Article link: Read it on The Wall Street Journal here
Originally published in August 2020
Soon after the coronavirus lockdown hit, some peculiar posts appeared on the New York City forum of Reddit, a popular discussion site. A user calling himself “meat boy” was offering crazy low prices on cuts ranging from drum sticks to pig lips at an obscure Chinatown butcher shop.
“Let your poor and broke ass friends know that they don’t need to starve in times like this,” he wrote.
The missives, which offered even steeper discounts to folks in need, were long, funny and rude. There were 26 F-bombs in one post alone.
They garnered thousands of likes and hundreds of comments on the usually curmudgeonly forum.
“Heart of NY right there,” was a typical response.
“Meat boy,” I learned when I called, is Jefferson Li, a 28-year-old military man who works at the butcher shop with his parents. His folks immigrated in 1985 from China’s Guangdong province and speak little English.
Mr. Li said he hoped to lure new customers to the struggling store, which caters largely to Chinese immigrants.
His dad worked long days at the shop for decades and drove a taxi at night. “I can’t stand to see all that effort go down the drain,” he said.
He’s no slacker himself. He has been “volunteering” at the shop since he was five, working the register and hauling boxes.
“I didn’t realize it wasn’t normal until I went to middle school,” he says of his first experience meeting middle-class kids.
He enlisted in the Coast Guard, attended Hunter College and supported himself with jobs ranging from a stint at J. Crew to a logistics gig. But he never stopped helping at his parents’ shop.
Sometimes he served double duty: When Superstorm Sandy destroyed $750,000 of inventory in 2012, he wrangled grants and loans to save the business. In a landlord dispute, he saved attorney costs by researching cases and records.
It took him nine years to earn his college degree.
“The family legacy was more important than my studies,” he says.
Upon graduating last year, he finally struck out on his own, accepting a five-month assignment in Seattle with the Coast Guard’s Maritime Force Protection Unit.
“It was the best vacation I ever had,” he said.
He returned to New York planning to take another long assignment with the Coast Guard. Then the pandemic hit.
Mr. Li didn’t want his parents exposed to the virus at the store. Yes, he’s back to 80-hour weeks at the shop.
He isn’t unusual, says Yin Kong, director and co-founder of Think!Chinatown, a nonprofit civic group. Chinatown was disproportionately hit by the pandemic, and many who grew up working for their parents have returned to help.
The older generation, meanwhile, is starting to adopt their children’s suggestions. “They are more willing to try new things, like go online,” she says.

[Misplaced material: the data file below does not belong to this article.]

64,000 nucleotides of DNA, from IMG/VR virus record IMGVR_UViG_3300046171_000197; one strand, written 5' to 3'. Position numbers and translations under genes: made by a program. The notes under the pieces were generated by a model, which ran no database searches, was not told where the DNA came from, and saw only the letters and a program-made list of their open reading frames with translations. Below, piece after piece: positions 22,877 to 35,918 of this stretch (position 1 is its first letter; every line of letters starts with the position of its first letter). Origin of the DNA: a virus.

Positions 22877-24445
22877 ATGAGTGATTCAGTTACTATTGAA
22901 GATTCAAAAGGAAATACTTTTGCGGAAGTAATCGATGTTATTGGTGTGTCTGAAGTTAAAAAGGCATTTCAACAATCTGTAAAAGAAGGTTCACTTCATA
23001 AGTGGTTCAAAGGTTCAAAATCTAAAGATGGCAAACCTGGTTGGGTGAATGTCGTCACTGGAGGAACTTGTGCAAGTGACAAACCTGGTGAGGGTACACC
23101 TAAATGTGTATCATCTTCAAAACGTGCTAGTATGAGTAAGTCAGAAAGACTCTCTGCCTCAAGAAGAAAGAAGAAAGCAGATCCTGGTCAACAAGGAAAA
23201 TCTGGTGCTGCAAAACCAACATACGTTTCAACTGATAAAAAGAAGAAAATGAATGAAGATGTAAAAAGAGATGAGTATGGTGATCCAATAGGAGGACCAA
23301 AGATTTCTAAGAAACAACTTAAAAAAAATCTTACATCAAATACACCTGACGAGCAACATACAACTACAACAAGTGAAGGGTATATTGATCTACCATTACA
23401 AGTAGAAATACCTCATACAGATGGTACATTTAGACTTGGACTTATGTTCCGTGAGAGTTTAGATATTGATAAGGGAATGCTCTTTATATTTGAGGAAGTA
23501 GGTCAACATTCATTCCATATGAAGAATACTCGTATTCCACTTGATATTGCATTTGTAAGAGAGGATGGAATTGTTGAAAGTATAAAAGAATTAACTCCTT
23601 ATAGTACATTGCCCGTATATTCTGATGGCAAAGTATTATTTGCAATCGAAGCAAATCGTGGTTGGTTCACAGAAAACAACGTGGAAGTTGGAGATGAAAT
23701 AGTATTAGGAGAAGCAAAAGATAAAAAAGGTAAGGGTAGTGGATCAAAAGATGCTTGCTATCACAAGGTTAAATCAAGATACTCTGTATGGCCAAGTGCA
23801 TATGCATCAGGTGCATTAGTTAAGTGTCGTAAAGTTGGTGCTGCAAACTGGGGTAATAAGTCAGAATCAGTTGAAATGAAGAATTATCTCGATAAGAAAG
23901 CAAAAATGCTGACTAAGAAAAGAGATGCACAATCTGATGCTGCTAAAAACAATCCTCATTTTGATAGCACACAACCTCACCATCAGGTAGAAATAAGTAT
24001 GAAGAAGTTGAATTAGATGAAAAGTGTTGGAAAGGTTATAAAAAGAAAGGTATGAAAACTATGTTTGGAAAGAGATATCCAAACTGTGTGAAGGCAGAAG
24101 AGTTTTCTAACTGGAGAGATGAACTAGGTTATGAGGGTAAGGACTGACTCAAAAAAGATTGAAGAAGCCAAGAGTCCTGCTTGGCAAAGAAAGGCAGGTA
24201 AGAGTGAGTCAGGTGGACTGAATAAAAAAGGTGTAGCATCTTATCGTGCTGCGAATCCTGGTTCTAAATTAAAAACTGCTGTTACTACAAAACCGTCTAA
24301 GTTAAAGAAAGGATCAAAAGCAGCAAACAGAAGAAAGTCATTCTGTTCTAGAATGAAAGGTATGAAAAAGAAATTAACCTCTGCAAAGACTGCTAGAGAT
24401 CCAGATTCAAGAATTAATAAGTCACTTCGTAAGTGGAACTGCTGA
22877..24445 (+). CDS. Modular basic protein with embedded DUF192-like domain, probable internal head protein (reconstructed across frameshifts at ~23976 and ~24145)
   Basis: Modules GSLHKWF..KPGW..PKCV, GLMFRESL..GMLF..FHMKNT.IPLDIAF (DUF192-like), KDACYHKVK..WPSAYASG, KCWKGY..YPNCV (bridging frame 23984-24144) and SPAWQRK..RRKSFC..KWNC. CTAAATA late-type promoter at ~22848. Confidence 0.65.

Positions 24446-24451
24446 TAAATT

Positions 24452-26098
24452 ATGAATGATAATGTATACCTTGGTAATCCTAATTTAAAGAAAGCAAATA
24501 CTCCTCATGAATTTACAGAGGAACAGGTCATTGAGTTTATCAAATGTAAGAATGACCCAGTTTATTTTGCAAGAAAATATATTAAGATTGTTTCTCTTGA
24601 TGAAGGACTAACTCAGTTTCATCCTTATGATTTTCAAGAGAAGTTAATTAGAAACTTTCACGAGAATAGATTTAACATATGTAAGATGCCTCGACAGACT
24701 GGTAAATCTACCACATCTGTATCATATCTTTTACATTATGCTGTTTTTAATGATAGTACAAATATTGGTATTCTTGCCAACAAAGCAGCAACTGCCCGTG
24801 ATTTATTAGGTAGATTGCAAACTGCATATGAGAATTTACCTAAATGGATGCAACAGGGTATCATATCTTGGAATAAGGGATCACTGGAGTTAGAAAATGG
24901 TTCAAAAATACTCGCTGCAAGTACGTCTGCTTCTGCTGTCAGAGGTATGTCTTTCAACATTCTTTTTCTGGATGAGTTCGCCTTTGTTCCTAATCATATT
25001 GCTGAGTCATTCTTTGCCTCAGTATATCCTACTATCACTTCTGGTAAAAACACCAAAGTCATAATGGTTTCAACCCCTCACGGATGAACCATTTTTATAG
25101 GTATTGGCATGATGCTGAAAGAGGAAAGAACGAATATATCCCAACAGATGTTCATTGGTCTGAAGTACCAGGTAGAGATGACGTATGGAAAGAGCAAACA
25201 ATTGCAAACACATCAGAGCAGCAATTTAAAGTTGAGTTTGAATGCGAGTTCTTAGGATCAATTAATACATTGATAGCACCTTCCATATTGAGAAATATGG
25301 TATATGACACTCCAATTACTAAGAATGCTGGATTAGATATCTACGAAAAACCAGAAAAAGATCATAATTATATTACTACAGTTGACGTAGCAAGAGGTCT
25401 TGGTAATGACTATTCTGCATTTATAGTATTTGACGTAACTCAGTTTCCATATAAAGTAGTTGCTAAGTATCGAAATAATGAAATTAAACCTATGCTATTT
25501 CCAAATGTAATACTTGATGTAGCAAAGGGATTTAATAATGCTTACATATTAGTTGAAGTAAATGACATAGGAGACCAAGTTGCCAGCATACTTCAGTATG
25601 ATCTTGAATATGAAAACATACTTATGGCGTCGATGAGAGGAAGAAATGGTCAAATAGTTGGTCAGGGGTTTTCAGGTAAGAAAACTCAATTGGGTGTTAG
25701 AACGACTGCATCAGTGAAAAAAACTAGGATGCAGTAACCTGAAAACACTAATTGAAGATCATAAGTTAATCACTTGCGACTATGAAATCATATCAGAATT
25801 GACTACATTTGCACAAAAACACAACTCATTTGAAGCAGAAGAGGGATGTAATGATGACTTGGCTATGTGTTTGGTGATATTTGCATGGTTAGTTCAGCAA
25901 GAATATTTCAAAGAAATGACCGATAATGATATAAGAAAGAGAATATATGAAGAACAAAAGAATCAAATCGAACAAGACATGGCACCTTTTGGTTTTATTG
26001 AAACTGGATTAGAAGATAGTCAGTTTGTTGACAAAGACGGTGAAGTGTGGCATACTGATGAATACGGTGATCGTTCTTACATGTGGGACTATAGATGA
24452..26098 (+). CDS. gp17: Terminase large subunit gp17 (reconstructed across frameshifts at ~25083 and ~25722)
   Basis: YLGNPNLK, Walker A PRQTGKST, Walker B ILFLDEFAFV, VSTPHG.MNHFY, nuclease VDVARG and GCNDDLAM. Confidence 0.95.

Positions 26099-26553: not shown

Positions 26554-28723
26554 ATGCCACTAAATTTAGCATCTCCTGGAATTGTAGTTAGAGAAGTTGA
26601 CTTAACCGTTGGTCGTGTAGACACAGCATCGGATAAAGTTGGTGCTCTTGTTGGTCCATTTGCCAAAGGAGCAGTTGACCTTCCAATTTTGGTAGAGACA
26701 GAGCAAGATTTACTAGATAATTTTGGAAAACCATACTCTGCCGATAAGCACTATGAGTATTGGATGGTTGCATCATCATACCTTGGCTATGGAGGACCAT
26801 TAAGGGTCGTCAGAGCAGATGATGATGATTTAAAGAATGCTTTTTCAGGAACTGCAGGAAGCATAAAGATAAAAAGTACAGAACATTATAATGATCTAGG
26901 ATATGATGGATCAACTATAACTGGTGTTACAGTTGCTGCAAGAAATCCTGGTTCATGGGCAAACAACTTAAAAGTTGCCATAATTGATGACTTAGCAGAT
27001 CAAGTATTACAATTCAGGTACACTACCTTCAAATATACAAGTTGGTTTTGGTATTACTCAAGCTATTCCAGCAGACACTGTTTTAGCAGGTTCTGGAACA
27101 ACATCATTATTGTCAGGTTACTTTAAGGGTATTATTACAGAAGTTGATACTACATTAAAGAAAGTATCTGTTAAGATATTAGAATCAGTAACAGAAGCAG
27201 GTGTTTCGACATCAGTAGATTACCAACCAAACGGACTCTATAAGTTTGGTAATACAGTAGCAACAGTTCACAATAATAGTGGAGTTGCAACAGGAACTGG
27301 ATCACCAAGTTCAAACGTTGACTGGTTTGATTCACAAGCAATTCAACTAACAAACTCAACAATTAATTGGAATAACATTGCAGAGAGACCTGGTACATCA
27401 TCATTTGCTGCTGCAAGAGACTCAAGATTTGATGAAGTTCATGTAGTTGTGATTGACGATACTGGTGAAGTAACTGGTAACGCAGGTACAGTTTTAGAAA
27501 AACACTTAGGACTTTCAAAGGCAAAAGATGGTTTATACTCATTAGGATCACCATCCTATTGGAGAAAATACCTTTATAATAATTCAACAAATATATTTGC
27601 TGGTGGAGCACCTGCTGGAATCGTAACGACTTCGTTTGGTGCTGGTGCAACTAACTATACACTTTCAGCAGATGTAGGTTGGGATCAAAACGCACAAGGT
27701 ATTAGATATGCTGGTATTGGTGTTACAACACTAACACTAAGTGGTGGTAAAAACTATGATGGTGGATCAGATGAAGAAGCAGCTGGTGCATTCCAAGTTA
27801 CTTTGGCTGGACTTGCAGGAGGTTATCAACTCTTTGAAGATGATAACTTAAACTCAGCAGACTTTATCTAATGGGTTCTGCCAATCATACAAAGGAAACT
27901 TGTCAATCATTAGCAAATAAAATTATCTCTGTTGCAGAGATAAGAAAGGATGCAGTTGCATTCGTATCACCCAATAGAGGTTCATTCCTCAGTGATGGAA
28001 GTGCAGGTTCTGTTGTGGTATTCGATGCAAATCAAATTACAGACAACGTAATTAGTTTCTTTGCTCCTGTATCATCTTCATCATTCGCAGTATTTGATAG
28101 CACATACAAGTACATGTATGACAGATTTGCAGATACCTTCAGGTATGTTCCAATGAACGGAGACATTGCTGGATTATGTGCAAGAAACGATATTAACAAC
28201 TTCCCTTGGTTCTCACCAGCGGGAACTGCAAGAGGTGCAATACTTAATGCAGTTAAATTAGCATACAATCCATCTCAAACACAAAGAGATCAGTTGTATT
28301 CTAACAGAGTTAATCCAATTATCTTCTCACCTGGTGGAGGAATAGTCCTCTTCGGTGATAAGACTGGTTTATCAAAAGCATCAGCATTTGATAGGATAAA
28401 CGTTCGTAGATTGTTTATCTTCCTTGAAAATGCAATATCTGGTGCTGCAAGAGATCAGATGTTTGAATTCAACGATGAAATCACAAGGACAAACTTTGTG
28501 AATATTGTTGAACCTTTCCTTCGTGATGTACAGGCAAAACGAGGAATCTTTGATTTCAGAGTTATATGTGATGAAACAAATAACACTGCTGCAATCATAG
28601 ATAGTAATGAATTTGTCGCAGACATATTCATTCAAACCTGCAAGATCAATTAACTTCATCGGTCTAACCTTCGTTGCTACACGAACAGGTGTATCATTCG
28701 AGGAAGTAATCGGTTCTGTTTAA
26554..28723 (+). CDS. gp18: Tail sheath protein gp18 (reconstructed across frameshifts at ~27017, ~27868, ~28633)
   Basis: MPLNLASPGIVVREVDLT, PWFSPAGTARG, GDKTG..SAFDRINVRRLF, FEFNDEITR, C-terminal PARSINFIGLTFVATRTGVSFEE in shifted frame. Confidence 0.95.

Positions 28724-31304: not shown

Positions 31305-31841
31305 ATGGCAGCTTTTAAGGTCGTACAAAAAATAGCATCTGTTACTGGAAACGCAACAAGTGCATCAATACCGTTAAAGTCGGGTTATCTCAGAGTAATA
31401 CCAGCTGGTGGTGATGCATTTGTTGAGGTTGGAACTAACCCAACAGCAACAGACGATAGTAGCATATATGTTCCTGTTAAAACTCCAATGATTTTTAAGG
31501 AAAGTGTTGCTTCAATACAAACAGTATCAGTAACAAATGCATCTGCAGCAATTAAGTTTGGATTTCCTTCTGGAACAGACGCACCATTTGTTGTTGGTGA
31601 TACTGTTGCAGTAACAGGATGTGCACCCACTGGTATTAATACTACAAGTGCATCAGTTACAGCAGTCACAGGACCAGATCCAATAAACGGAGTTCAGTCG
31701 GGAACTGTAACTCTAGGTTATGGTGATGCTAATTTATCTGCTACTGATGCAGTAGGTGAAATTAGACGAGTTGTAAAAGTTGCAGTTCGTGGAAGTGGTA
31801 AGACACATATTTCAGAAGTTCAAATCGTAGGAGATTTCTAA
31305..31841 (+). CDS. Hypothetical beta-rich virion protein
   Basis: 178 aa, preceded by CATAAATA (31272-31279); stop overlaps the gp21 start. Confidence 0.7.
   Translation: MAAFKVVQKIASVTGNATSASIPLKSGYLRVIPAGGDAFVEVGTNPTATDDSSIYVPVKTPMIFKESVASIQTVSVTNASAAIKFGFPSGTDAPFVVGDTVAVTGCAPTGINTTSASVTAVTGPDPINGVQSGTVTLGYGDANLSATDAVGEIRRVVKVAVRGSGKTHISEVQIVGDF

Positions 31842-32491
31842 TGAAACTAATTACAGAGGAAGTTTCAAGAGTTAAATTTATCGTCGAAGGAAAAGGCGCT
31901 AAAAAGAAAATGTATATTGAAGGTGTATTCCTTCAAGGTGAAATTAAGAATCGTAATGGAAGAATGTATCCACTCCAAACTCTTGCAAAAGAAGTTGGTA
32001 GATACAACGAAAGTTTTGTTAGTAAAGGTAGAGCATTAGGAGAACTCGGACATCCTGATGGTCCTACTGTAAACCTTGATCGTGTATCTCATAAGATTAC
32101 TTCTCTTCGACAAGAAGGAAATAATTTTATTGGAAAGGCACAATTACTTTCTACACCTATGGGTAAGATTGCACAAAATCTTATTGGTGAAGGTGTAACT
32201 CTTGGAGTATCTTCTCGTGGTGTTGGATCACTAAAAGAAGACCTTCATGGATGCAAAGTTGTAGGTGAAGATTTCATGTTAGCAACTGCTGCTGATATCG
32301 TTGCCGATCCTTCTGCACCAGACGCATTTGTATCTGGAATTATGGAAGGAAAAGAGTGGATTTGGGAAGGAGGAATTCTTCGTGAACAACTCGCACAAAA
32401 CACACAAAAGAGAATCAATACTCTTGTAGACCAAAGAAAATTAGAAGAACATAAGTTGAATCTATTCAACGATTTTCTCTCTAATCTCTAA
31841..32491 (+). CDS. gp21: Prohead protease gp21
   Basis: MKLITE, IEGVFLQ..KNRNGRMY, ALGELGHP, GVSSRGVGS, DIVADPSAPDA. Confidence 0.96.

Mr. Li said he is putting his own stamp on the store for the first time, starting with the Reddit posts. But when we spoke on the phone, he admitted he still hadn’t told his parents what he had done, afraid of their reaction.
Last week, I visited the shop, 47 Division Street Trading Inc. A faded 2012 dragon calendar hung in the window. Inside the narrow store, sausages hung from a ceiling pipe and whole ducks sat in bins atop milk crates. The frozen meats were displayed in a repurposed Good Humor ice cream case.
There were only a few signs in English, another effort by Mr. Li to update: “Duck Feet $1.59 a pound.” “Pig trotters $1.49 a pound.”
Mr. Li was waiting on a young man who was clearly not a local.
“I saw the Reddit post!” said the customer, Alec Feretti, who had biked down from Murray Hill. He was buying a pork shoulder, a duck and a black chicken.
He loved the prices. “Maybe I’ll come back and work my way up to pig lips,” he said.
Mr. Li told me that the night before, he finally told his parents about the posts.
I spoke to his father, Peter Li, through a translator.
“I’ve noticed at least five or six people who are clearly not from here every day,” he said. “I’m really appreciative that after he put it on the internet, people see it and are coming.”
His son took me upstairs to the office, with its plywood floors and metal file cabinets.
“It’s as janky as s—!” Mr. Li grinned. “The atmosphere is definitely 1980s hardcore Chinese immigrant.”
He looked embarrassed and proud at the same time.
He pulled up a website from a fancy butcher shop in Australia. “I’d love to be like this while retaining our own personal characteristics,” he said. “For us, it’d have a more Chinese heritage and style to it.”
Does that mean he’s planning to stick around?
He sighed. He has passed up good opportunities to join friends launching businesses, he said. And he sometimes feels stagnant compared with his pals who went into investment banking. “They’re wearing Thomas Pink shirts at $100 a pop,” he said.
“But when my parents came here, it wasn’t about them, it was about us,” he said of himself and his older sister. “It’s only fair for us to keep that in mind.”
I told Mr. Li how great it was to meet someone with such an unusual perspective. He looked mystified.
“I’m a regular Chinatown kid who just grinds, and that’s it. What so special about it?” he said. “We’re a dime a dozen.”